Sebastian Vettel will start from third on the grid on his debut for Red Bull, with Robert Kubica also performing superbly for BMW Sauber — the Pole joining the promising young German on the second row…

Button will be aiming for the second victory of his 154 grand prix career in a remarkable reversal of fortunes for the former Honda team whose future looked bleak when the Japanese car manufacturer pulled out of the sport late last year blaming the global economic downturn. But a management buyout led by technical guru Ross Brawn rescued the team and secured drives for Button and Barrichello.

Exciting as all hell. Even though I’m a McLaren and Hamilton fan, it’s a gas to see Ross Brawn pull off a season start like this one.

Ferrari boss smashed TV after F1 finale

He beat us by this much…”
Daylife/AFP/Getty Images

Ferrari president Luca di Montezemolo smashed a television set after seeing McLaren’s Lewis Hamilton snatch the Formula One world title from Felipe Massa in last weekend’s season-ending Brazilian Grand Prix.

“I broke the television, I must tell the truth,” Montezemolo told a news conference at a Ferrari event in Mugello on Sunday.

“When a television breaks it makes a terrible bang. My daughter in the other room was given an awful fright. Luckily we had another television so I was able to watch the podium ceremony, which I enjoyed.”

Ferrari’s Massa won his home grand prix and was poised for championship victory before Hamilton overtook a slowing Timo Glock on the final bend to finish in the fifth place he needed to clinch the title.

“I reckon that in the history of F1, we have never seen a world championship decided on the last bend of the last lap of the last grand prix,” added Montezemolo, who saw Ferrari driver Kimi Raikkonen steal the title last season in the final race.

Miracles, when they happen, usually only happen once. I say that because last year was a miracle. A repeat is usually impossible. In Brazil, with Massa, we were in the process of producing another miracle.”

I admit it. I replayed the DVR several times just to be certain Lewis Hamilton won. We were celebrating at our house.

Lewis Hamilton – the youngest champion in Formula One history

Photo by Daylife/Getty Images

Lewis Hamilton became the youngest world champion in Formula One history by the skin of his teeth after a nail-biting Brazilian Grand Prix.

The English McLaren driver’s title rival Felipe Massa won the race in his Ferrari but Hamilton grabbed the fifth place he needed – at the last corner.

A late-race rain shower looked to have cost Hamilton the title when he dropped to sixth after a stop for wet tyres.

But he passed Toyota’s Timo Glock as they entered the pit straight.

Renault’s Fernando Alonso, the previous youngest champion, was second ahead of Massa’s team-mate Kimi Raikkonen and Toro Rosso’s Sebastian Vettel.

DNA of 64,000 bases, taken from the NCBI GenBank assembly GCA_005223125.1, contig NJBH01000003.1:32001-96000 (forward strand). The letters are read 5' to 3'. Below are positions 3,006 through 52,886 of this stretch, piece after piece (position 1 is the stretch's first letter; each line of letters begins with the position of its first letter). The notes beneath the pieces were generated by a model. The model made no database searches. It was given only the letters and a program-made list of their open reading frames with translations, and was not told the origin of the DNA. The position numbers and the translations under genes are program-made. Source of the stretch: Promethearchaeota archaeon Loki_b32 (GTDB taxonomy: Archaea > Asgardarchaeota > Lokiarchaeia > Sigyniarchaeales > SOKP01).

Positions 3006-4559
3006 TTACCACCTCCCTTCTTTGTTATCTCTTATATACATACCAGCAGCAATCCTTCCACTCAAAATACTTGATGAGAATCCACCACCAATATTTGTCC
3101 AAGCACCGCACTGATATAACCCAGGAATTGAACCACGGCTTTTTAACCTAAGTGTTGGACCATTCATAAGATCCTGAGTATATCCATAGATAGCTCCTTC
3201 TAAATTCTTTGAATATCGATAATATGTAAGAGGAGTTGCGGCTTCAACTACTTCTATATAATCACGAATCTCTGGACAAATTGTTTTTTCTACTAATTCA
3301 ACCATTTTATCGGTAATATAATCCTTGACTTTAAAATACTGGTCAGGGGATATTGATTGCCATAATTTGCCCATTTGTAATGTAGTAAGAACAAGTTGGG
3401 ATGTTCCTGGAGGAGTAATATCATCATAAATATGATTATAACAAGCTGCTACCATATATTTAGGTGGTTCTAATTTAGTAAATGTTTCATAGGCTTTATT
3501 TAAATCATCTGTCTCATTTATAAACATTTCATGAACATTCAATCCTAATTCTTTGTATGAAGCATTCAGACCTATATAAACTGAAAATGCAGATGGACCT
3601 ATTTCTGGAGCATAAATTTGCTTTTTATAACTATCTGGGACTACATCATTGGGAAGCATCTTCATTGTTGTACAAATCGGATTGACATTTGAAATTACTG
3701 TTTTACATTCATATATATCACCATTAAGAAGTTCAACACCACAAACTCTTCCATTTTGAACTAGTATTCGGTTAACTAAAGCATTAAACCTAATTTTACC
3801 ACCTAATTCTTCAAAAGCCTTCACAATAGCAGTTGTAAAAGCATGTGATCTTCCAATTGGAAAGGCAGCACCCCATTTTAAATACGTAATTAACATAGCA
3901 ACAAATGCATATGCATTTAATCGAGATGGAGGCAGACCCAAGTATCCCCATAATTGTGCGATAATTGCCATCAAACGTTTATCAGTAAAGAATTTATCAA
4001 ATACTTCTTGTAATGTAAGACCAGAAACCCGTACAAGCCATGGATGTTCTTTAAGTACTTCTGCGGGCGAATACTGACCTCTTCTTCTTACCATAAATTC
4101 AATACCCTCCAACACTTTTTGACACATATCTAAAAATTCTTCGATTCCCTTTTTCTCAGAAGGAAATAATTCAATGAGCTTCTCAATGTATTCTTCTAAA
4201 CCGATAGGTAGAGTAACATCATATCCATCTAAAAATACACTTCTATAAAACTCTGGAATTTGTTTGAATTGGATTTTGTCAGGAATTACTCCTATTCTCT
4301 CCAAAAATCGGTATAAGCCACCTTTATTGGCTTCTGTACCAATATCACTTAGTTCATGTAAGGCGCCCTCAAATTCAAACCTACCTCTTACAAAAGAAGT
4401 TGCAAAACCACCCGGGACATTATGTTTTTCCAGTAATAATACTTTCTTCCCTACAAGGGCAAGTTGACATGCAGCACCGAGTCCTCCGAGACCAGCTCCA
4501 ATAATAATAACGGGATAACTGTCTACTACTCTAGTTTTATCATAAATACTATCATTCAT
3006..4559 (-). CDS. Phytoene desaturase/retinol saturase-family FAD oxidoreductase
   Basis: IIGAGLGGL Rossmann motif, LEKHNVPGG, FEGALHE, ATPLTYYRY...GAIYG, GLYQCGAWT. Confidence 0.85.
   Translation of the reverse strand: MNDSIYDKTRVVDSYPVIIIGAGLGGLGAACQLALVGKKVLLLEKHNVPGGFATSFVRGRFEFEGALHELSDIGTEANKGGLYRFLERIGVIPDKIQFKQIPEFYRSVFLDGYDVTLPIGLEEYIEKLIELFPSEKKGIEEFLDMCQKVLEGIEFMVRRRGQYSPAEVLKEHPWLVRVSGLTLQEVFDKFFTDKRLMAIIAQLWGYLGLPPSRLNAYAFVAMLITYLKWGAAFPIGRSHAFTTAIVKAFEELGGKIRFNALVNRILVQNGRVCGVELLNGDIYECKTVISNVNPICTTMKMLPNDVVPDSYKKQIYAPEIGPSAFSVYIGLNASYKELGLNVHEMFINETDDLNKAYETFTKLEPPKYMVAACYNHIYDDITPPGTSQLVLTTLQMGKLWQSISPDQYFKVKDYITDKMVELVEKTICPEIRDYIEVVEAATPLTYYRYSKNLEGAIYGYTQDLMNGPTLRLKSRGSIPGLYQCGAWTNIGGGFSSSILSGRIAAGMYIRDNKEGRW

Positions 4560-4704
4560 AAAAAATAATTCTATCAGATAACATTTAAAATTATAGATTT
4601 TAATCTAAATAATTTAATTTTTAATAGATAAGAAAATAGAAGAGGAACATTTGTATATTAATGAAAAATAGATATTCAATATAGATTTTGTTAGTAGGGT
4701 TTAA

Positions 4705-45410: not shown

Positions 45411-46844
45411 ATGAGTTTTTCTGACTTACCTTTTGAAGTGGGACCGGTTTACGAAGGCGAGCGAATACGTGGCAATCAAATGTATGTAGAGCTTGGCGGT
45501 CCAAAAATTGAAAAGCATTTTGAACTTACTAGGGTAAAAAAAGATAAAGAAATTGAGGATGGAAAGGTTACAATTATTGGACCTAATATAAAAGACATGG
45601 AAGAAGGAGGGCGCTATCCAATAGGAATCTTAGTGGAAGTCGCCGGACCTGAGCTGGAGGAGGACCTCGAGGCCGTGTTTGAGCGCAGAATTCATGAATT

The article can’t capture the anxiety and tense anticipation of that last lap.

My wife and I are fans of Lewis Hamilton [and McLaren]. I had to stop the DVR and replay those last 20 or 30 seconds a couple of times just to be certain Lewis had gotten that 5th place needed for the world championship.

Massa and Ferrari were inspired these past few races – even without the micro-managing of the FIA. One of the best seasons I’ve ever witnessed. And I’ve followed most of them.

Hamilton leads the F1 drivers point – once again – after Hockenheim

McLaren’s Lewis Hamilton overtook an ill-timed safety car period by passing his main rivals on the track to post a brilliant victory in the German Grand Prix at Hockenheim, only two weeks after shining in the wet in the British GP at Silverstone.

That same safety car period, provoked by a heavy crash by Timo Glock on the pit straight, played well into the hands of Renault rookie Nelson Piquet, who benefited from a one-stop strategy to score his maiden Formula 1 podium finish. Ferrari’s Felipe Massa was third.

The McLaren pit strategy was useless – only succeeding in putting Hamilton behind with awful timing.

The McLaren man returned in sixth as Piquet jumped to the lead when Heidfeld also had to pit under green. Driving brilliantly, though, Hamilton began disposing of the competition, first with ease – teammate Heikki Kovalainen – then with determined moves on Massa, on lap 55, and Piquet two laps later, both at the hairpin at the end of the main straight.

Then, finally, it was smooth sailing for another masterful win by Hamilton, who now leads the championship with no company at 58 points. Massa is second with 54, while Raikkonen’s sixth-place result boosted the Finn to 51. Kubica earned two points from seventh and now tallies 48.

Hamilton’s pass on Massa was an exercise in skill and bravery. His pass on Piquet was as impressive; but, not as challenging. It was definitely a higher priority for Piquet to get that Renault through to a podium finish.

Read the article – it has all the details and more.